Certain values attached to religious monuments are peculiar
to them and to them alone. Three of these values,
which may be called spiritual, aesthetic and cultural, are
of particular importance, because each one affects the ways
in which religious monuments can be explained an interpreted
to those who wish to see or understand them.
The Imambara is an Indian institution more popular with the
Shias who assemble here during
Muharram, the first month of
the Islamic Calendar. Unlike a mosque, there is no set
pattern for an Imambara. Its style, architecture and
unity varies with local cultural influence. In south
India, for instance, it is called an Ashurkhana.
As soon as the moon of Muharram is sighted, Shias abandon
their festivities and prepare for the Azadari (a period of
mourning for two months and eight days) by attiring
themselves in black. They assemble at the Imambaras
for Majlis (congregations) where Marsiya (elegies) on the
tragic martyrdom of Imam Hasan and Imam Hussain, upon them
be peace, are recited
in prose and poetry.
The month of Muharram revives the memory of the battle of
Karbala fought between the forces of Yazid and
upon him be peace.
The succession of Yazid as the Khalifa of the Muslims was
challenged by Imam Hussain, who refused to submit to his
authority, which would be tantamount to acquiescence in the
abominations let loose during his reign. Yazid on the
other hand demanded bayat (total submission). Imam
Hussain, upon him be peace, with his band of 72 fought to the bitter end.
Finally the Imam,was slaughtered and his head, transfixed on
a spear, was carried to Damascus.
Shias in particular perform Matam (beating their chest),
recite Marsiyas and shed their blood by inflicting knife
wounds. Processions are taken out with Tazias (huge bamboo
structures decorated with paper and tinsel representing Imam
Hussain’s mausoleum) and Alams (replicas of the ensign of
Imam Hussian, upon him
be peace, during the battle of Karbala). Taimur is
believed to be the founder of the Tazia ceremony. As a
devotion to Imam Hussian,
upon him be peace, he erected the first Tazia and
carried it on his military pursuits. Gradually the
Mughals, though they were not Shias, perfected and promoted
The pivotal point for the Muharram activities is the
Imambara. Literally “enclosure of the Imams”. In
India Imambaras or Ashurkhanas are more prominent in places
patronized by the Shias. The earliest kingdom to
declare Shiaism as state religion was Bijapur, followed by
the Qutb Shahis of Golconda. The ancestors of Wajid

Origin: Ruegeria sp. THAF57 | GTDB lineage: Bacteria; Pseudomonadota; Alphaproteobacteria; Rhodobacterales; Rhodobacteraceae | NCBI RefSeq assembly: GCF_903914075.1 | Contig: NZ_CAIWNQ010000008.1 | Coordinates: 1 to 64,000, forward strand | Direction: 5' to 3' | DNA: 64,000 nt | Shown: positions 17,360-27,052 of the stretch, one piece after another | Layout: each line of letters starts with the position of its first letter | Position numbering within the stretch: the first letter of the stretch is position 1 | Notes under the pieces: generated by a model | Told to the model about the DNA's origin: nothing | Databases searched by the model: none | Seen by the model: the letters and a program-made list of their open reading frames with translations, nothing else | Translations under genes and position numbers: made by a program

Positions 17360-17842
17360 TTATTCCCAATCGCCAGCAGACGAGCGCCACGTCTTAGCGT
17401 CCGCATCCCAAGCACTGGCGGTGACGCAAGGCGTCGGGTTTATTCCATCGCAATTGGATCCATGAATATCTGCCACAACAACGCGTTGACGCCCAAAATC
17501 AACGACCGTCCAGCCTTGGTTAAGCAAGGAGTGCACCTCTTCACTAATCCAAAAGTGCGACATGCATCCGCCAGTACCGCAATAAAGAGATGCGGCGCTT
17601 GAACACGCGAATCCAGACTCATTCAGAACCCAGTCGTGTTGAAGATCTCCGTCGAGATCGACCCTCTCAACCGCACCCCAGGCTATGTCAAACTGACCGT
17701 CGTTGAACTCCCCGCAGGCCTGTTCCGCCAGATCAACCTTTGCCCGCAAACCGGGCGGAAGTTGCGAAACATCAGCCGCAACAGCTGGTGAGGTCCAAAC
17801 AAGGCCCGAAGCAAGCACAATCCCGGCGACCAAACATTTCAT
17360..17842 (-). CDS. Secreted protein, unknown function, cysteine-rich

Ali Shah or the rulers of Lucknow and some of the nawabs of
Bengal were devoted Shias who observed Muharram with due
Mohammad Quli Qutb Shah, the founder of Hyderabad, was a
keen composer of Marsiyas in Deccani urdu. Alams
during the Qutb Shahi rule were made out of gold and silver
with jewels studded in them. As they symbolised the
martyrs of Karbala, upon
them be peace, royal privileges like armed escorts,
naqqarkhana and chattar were accorded to them.
remains of the numerous Ashurkhanas that once dotted the
Deccani Kingdom. One of the best preserved is the
Badshahi Ashurkhana, not far from Hyderabad’s world-famous
monument Charminar. It was erected soon after the
completion of Charminar in 1592. This Ashurkhana has
an impressive height and is noted for its profusion of
Chinese tiles. Once it boasted of 14 gold Alams and
10,000 lamps that spoke of the grandeur of the Sultan.
With the fall of the Qutb Shahis, the Alams vanished and so
did the countless lamps. In fact, the Ashurkhana was
converted into a prison camp by the Mughal emperor Aurangzeb.
However, during the Asaf Jahi period efforts were made to
revive the glory by introducing new Alams and European
Most of the Ashurkhanas of Hyderabad are gifted with proud
historic Alams or some piece of memorabilia.. Koh-e-Moula Ali on the hillocks of Secunderabad is reputed
for its Nishan (hand impression of Hazrat Ali, upon
him be peace); others have
preserved the historic swords, fragments of the armour cap,
etc. One such proud possession is Hazrat Fatima’s,
(upon her be peace) chaddor. The box in which this relic is kept bears the
seal of several emperors. Hazrat Fatima, upon her be peace, was
daughter of Prophet Muhammad, upon him be peace, and one of the Alams in
Hyderabad was made out of the wood from the wood from the
bed on which her funerary bath was performed.
Oudh was another Nawabi kingdom with Lucknow as the capital
where numerous Imambaras mushroomed under different nawabs.
There hardly used to be any mohalla in Lucknow that did not
boast of a couple of Imambaras. The three best known
Imambaras of the city - the Asafi or Bara Imambara in the
old city, the Chota Imambara in Hussainabad and the Shah
Najaf Imambara near Hazratganj - are famous for their
architectural beauty and European chandeliers.
The Asafi Imambara was undertaken in 1748 with a view to
provide relief to people from a severe famine. The
basement of this Imambara is now closed, as no one is sure
about the utility of the dark rooms where it is easy to get
lost. This Imambara is an architectural feat,
considering the fact that it is the largest vaulted hall in
the world. It requires merit to build a 50-feet high